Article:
Area A (map ref. 18210–20/57485–95; Fig. 2).Foundations of a farmhouse, including a rectangular courtyard (c. 17.0×27.5 m) with at least five rooms (1–5), were exposed. The walls of the building (width 0.5–0.8 m), built of fieldstones, were preserved one–six courses high (0.10–0.55 m). The main entrance to the building was not preserved; however, a secondary entry (width c. 0.5 m) was revealed next to the western corner of the courtyard. The doorjambs of the entrance consisted of roughly hewn stones.A wall (W123) that extended from the middle of the courtyard’s northwestern wall into the courtyard might have been part of another room. A bell-shaped cistern (L2069; diam. 2.8 m), lined with stones and coated with hydraulic plaster, was discovered in the area between Rooms 1, 2 and 3, 4; the upper ten courses of the installation were exposed. A rectangular plastered settling basin of stone (L2071; 0.5×1.2 m, depth 0.17 m) was discovered next to the southern side of the cistern.
Area B (map ref. 18195–99/57487–93; Fig. 3). Remains of a square building (c. 6×6 m) and several nearby wall sections, all built of fieldstones, were uncovered. The walls of the building were preserved two–five courses high. The structure was partitioned by an inner wall (W213) into two rooms (6, 7). A floor of tamped earth was exposed in Room 6. Wall sections (W206, W210), forming a corner and preserved a single course high (0.2–0.4 m), were discovered c. 7 m west of the building. This was probably the corner of another building whose orientation was the same as that of the building to its east. A section of a short wall (W207) was exposed between the building in the east and W206. The alignment of W207 differed from that of the construction in the area and therefore its relation to the rest of the remains is unclear. Two other wall sections (W211, W212), exposed west of W206 and oriented northeast-southwest, were preserved one–three courses high; their alignment matches the construction in the area. Walls 211 and 212 are probably the remains of a dam, whose center part was destroyed.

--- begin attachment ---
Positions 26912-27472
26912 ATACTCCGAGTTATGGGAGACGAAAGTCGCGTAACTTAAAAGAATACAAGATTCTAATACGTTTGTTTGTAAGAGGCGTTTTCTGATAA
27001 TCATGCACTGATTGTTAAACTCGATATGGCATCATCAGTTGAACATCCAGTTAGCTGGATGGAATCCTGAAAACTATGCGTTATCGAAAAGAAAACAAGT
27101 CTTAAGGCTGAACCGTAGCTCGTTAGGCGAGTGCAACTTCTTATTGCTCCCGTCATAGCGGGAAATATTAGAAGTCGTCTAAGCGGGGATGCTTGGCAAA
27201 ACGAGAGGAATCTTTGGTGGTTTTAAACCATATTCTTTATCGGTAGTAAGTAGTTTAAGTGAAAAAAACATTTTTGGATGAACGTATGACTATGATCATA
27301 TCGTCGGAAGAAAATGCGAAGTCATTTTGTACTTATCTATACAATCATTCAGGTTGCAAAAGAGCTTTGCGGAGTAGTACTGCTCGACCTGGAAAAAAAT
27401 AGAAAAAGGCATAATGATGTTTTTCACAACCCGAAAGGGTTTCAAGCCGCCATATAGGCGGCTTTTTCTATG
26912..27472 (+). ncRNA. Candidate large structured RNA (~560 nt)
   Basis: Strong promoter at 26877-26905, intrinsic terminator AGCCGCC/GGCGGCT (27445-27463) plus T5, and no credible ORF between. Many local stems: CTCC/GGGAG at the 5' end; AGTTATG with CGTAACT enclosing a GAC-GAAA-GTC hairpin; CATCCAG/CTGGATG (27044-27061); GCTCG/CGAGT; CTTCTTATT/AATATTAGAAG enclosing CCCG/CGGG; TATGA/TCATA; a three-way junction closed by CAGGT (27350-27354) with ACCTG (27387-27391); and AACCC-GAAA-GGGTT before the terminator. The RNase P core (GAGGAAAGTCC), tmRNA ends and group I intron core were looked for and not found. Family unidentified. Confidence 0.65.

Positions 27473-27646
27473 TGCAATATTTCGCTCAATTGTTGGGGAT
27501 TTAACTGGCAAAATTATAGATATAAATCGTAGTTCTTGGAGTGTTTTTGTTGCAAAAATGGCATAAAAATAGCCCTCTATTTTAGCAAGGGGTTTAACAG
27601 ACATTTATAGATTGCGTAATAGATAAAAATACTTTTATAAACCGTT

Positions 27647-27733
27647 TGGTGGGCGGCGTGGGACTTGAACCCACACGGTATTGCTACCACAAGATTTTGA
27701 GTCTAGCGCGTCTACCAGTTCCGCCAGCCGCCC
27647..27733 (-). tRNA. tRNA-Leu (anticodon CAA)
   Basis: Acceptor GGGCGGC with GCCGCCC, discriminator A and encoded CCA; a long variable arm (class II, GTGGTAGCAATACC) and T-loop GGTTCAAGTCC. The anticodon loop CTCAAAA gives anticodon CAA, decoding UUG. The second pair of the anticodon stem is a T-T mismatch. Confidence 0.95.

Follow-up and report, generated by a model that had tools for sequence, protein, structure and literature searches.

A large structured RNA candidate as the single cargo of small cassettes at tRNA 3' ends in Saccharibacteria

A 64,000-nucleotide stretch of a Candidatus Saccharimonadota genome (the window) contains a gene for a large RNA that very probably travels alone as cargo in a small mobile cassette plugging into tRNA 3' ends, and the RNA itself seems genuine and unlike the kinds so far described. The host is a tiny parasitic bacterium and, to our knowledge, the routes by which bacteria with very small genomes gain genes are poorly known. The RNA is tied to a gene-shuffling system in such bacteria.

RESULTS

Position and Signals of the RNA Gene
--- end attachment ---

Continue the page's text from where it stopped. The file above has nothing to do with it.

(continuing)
Area C (map ref. 18203–11/57499–505; Fig. 4). A section of a northeast-southwest oriented wall (W301/W302; exposed length 7 m, width 0.85 m), built of fieldstones and preserved one–three courses high (0.1–0.4 m), was discovered. The opening set in the wall had dressed cornerstones and doorjambs. It seems that the wall and the opening were part of a building.
The finds recovered from the three areas include fragments of pottery vessels, two iron nails and two illegible coins. The pottery is dated to the Byzantine period, from the early fifth until the beginning of the seventh centuries CE, and includes several fragments of different size bowls (5:1–8), Late Roman C bowls (Fig. 6:1–9), kraters (Fig. 7:1–7), cooking kraters (Fig. 8:1–3), cooking pots (Fig. 8:4–10), cooking jugs (Fig. 8:11, 12), frying pan handles (Fig. 8:13), cooking pot lids (Fig. 8:14–16), an extremely large quantity of Gaza jars (Fig. 9:1–4), jugs (Fig. 9:5–9) and a sandal lamp (Area A; Fig. 9:10).A body fragment of a jar engraved with the Greek letters AB was discovered in Area A. The ceramic artifacts point to domestic activity at the site and are reminiscent of the finds from the Byzantine period, recovered from other excavations in Be’er Sheva‘, as well as from villages and farmsteads in the agricultural regions of the Negev.
The exposed remains are part of the agricultural hinterland of Be’er Sheva‘ in the Byzantine period. The site extends across Ketef Be’er Sheva‘ and is surrounded by a plain, suitable for cultivation, which descends gently to the southwest. Numerous sites from the Byzantine period had previously been excavated in the vicinity of the current excavation and practically all of them are part of the agricultural hinterland in the region (ESI 12:94–97; ‘Atiqot 25:157–177; HA-ESI 115:77*–79*; Permit Nos. A-2449, A-2450, A-2452, A-2748).